Spoilt 9th (#9)

It was never supposed to be this way. It never HAD been this way so what possessed me to try this year I’ll never guess. Maybe it was a last HURRAH before shit hit the fan. Maybe I wanted to try to inject some sunshine into everybody else’s shit storm and let them forget for a while.

I should have known better. But I wanted to try.

It started with a request. A simple request, as had been done every year before.

“Mom, I want a water balloon fight for my birthday.”

One year it was a cake. Just a simple chocolate cake with Neapolitan frosting colors. One year, she wanted a garden. I was so proud of my daughter for choosing unique gifts instead of bombarding me with requests for Tablets or Xbox One’s or Razor Scooters. Maybe not having cable in the house really did help.

It was still a huge deal to get ANYTHING for her birthday though since we used to be Jehovah’s Witness and thus eschewed any holiday traditions. What the kids didn’t know, they couldn’t miss and that’s the way it was. I did let them celebrate holidays at school since that was not at home. I refused to take them out of the classroom and let them believe they were being punished by not getting cupcakes. Ridiculous. Since we’ve cut ties with the good ol’ JW’s however, security had been lightened and I had no problem going back to my roots and getting my kid a small gift for the anniversary of her birth.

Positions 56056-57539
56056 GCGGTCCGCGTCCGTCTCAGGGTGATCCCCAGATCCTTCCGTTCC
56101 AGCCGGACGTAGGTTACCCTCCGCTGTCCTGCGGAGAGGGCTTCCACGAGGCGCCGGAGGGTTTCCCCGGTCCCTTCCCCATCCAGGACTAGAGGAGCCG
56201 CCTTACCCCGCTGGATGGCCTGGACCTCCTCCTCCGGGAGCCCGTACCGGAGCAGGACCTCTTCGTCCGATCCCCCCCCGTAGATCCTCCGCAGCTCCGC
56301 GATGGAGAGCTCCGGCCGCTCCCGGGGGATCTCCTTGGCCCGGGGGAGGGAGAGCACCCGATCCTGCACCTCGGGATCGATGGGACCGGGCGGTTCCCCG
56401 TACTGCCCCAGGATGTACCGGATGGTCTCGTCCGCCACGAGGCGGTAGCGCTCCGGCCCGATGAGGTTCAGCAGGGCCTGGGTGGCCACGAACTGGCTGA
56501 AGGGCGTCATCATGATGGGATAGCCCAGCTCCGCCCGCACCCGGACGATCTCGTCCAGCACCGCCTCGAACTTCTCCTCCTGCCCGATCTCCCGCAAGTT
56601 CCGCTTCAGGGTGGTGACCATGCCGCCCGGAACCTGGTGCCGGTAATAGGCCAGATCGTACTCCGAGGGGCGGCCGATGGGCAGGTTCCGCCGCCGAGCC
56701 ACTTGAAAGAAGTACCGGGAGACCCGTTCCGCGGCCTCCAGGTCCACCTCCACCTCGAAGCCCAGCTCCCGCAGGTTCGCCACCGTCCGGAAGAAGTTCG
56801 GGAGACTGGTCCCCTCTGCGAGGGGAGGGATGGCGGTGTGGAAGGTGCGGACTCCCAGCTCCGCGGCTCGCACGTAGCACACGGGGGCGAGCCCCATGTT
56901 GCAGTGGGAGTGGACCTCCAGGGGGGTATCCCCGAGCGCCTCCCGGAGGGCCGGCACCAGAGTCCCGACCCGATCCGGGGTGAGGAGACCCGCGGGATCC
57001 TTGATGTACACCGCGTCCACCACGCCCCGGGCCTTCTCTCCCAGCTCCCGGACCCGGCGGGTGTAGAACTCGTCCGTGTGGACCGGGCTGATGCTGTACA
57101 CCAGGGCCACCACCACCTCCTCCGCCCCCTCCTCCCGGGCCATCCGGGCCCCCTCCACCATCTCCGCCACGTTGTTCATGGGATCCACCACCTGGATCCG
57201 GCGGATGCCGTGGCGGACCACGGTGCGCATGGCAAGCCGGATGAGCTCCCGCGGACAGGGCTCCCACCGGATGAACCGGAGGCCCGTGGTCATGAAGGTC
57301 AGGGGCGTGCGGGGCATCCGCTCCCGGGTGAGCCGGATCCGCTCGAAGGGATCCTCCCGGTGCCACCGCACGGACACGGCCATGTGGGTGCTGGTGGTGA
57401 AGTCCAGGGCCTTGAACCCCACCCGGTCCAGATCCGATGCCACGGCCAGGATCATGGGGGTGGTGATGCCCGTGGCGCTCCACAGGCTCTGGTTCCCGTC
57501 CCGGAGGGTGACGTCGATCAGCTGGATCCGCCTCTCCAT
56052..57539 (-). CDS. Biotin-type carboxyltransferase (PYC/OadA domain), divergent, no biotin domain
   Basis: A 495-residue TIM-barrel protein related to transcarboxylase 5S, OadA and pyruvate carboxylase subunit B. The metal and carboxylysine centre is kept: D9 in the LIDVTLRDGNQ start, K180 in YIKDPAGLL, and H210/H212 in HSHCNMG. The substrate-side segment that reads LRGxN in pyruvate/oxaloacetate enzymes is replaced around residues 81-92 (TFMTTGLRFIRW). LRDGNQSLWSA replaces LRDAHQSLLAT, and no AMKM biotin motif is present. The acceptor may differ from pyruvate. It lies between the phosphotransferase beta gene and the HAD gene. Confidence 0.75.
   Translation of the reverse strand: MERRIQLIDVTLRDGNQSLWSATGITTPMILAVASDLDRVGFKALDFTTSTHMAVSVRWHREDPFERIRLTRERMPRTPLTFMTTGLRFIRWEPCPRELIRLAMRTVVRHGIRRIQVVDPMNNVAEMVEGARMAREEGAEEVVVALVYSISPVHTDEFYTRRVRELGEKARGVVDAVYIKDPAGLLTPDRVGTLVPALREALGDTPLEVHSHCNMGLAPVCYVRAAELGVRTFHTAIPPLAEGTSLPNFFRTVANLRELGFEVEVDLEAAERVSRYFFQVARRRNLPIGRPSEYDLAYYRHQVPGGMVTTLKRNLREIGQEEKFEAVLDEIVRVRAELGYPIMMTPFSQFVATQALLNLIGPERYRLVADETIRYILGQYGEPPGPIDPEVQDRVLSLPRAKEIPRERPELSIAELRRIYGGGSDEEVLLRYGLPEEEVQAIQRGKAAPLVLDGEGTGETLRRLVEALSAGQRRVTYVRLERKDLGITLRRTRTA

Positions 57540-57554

Water balloon fight. Cool. I can do that. It wouldn’t break the budget to get her a couple packs and maybe a little cake. She was all into Five Nights at Freddie’s so I knew the cake would have to be red and bloody and gory. It was a simple enough request so I got red and black frosting misters and a glittery red gel writer for the top.